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1893 text

Antigua, one of the West India Islands (Leeward Islands), discovered by Columbus in 1493, who is said to have named it after a church at Seville called Santa Maria la Antigua. It was first settled by a few English families in 1632, and in 1663 another settlement was made under Lord Willoughby, to whom the entire island was granted by Charles II. In 1666 it was invaded by a French force, which laid waste all the settlement. It was reconquered by the English, and formally restored to them by the treaty of Breda.

This text comes from a footnote on a diary entry in the 1893 edition edited by Henry B. Wheatley.

1 Annotation

San Diego Sarah  •  Link

Christopher Columbus sighted islands in 1493 during his second voyage, naming the larger one Santa Maria de la Antigua. However, early attempts by Europeans to settle the islands failed due to the Caribs' excellent defenses.

England succeeded in colonizing the islands in 1632, with Thomas Warner as the first governor. Settlers raised tobacco, indigo, ginger, and sugarcane as cash crops.

By the mid-1600s, the Irish were the main slaves sold to Antigua and Montserrat.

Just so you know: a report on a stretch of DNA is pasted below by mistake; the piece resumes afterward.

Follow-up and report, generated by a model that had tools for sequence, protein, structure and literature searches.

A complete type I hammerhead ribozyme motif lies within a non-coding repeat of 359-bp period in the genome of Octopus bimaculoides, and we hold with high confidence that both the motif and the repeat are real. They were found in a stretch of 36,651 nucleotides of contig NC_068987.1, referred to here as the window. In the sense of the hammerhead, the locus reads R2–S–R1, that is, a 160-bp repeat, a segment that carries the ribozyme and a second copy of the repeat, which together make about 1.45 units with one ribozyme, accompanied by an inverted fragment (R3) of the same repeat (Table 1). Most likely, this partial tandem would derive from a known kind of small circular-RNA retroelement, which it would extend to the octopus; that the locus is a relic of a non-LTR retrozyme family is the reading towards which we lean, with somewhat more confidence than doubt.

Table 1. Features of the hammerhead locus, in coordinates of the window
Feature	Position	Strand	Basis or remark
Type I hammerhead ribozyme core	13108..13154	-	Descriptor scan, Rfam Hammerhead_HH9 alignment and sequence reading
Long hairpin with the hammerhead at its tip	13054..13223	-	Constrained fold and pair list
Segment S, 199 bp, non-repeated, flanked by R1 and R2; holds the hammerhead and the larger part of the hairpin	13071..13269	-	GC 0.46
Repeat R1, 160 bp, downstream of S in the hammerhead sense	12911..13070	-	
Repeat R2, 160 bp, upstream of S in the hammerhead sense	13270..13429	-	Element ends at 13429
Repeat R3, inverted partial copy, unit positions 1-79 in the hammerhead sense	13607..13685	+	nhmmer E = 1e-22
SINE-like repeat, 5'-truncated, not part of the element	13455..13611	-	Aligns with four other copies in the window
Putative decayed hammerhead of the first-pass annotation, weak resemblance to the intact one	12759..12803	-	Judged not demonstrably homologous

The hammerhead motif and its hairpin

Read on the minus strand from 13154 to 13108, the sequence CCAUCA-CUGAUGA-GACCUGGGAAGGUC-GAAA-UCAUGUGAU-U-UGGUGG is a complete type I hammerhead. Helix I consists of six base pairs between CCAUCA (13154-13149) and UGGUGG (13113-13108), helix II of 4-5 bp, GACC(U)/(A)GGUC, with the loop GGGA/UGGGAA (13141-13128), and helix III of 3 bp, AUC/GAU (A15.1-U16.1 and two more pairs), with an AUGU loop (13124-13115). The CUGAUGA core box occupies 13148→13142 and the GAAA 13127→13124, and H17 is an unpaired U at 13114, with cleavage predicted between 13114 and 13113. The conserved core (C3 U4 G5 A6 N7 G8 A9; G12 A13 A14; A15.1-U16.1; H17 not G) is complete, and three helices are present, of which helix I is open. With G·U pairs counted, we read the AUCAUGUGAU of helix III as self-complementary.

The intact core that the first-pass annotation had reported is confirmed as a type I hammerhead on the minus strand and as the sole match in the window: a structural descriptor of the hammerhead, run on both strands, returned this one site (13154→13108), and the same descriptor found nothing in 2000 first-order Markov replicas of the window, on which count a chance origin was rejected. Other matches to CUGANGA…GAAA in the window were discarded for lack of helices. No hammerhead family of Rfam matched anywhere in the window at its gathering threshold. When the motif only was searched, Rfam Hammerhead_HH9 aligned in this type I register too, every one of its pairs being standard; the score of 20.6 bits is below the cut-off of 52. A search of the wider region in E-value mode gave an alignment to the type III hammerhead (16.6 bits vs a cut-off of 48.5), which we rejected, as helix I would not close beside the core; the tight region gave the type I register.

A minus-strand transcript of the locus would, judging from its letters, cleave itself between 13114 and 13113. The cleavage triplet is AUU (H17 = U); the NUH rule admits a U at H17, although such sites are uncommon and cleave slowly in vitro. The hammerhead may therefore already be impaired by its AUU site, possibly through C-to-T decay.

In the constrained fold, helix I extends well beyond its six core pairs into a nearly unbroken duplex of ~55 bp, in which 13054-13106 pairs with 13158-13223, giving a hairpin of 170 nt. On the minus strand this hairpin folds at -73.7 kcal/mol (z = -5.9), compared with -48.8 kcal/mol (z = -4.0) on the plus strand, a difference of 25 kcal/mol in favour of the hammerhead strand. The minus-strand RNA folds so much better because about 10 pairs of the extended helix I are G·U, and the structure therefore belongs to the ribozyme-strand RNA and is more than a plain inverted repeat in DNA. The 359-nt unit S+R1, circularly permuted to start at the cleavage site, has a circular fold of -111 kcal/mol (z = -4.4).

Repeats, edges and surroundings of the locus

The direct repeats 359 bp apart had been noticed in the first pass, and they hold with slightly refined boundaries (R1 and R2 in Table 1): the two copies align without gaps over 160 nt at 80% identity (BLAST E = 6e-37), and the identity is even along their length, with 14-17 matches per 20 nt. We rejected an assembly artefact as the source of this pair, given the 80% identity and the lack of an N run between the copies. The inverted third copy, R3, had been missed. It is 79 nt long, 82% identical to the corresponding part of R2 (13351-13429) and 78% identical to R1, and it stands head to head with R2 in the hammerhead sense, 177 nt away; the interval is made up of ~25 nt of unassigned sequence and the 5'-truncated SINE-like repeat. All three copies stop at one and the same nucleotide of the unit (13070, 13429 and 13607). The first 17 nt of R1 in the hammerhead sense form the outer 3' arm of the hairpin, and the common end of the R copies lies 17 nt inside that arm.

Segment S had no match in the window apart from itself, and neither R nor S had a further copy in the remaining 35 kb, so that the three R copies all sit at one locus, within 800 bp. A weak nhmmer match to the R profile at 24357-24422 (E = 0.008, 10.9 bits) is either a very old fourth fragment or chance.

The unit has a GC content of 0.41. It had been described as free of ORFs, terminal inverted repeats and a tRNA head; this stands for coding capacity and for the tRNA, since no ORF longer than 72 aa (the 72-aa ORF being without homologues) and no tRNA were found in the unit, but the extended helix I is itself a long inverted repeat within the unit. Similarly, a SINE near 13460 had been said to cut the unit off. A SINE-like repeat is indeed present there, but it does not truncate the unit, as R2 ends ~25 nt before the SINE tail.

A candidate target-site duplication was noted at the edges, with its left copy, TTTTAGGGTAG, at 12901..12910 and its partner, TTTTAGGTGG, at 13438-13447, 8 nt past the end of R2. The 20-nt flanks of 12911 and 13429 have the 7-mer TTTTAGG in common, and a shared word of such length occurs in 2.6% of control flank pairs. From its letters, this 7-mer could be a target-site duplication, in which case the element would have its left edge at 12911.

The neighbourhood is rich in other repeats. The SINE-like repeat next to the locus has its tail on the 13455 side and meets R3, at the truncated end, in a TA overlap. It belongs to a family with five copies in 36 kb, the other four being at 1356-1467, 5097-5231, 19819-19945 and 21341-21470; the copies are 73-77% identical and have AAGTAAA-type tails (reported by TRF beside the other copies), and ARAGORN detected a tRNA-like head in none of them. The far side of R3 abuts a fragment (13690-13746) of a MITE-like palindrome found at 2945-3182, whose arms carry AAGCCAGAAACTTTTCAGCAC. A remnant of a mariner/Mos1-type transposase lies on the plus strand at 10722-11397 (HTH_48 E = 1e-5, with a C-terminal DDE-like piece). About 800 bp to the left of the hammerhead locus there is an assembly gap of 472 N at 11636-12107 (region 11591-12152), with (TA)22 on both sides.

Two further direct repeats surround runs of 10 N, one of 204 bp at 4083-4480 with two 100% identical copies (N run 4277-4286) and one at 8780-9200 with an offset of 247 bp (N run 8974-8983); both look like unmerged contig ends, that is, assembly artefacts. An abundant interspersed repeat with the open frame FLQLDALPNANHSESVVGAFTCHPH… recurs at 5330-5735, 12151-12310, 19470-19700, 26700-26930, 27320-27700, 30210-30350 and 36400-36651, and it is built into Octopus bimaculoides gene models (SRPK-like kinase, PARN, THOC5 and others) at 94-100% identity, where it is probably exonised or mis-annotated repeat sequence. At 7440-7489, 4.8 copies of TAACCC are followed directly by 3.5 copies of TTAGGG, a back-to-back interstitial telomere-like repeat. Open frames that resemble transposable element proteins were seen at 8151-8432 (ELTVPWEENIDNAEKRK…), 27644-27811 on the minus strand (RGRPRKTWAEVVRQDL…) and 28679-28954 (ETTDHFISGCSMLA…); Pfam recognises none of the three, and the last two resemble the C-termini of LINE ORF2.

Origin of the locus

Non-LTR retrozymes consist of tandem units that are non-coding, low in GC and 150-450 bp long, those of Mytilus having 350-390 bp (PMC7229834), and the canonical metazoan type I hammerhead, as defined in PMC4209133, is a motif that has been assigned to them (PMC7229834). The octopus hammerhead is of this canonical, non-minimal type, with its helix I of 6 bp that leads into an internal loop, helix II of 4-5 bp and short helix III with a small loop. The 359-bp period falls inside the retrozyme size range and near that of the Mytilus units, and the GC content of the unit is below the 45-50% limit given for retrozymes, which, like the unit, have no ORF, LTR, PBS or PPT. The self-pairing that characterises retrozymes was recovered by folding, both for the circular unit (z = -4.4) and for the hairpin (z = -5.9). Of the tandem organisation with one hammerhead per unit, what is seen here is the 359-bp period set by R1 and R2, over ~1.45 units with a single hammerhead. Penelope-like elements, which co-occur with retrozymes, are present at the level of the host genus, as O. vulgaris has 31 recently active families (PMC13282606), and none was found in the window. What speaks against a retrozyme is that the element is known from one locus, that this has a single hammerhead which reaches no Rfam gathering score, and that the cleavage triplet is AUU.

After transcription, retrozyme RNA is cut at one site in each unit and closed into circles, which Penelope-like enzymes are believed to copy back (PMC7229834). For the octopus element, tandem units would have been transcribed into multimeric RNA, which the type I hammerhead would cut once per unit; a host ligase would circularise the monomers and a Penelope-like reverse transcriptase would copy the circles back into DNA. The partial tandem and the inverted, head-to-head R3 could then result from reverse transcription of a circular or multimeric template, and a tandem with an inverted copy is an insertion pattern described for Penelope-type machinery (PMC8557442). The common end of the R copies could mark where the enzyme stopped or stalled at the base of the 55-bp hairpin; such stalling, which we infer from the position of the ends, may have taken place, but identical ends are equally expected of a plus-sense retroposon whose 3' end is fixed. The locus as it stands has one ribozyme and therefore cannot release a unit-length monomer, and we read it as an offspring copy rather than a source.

Antigua, Montserrat, and St. Kitts were briefly taken by the French in November 1666; Antigua was reoccupied by the English in the early spring of 1667, and all three islands officially restored to them by the Treaty of Breda in July 1667.

Sir Christopher Codrington established the first large sugar estate in Antigua in 1674, and leased Barbuda to raise provisions for his plantations. Barbuda's only town is named after him.

In the 50 years after Codrington established his initial plantation, the sugar industry became so profitable that many farmers replaced other crops with sugar, making it the economic backbone of the islands.

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Chart showing the number of references in each month of the diary’s entries.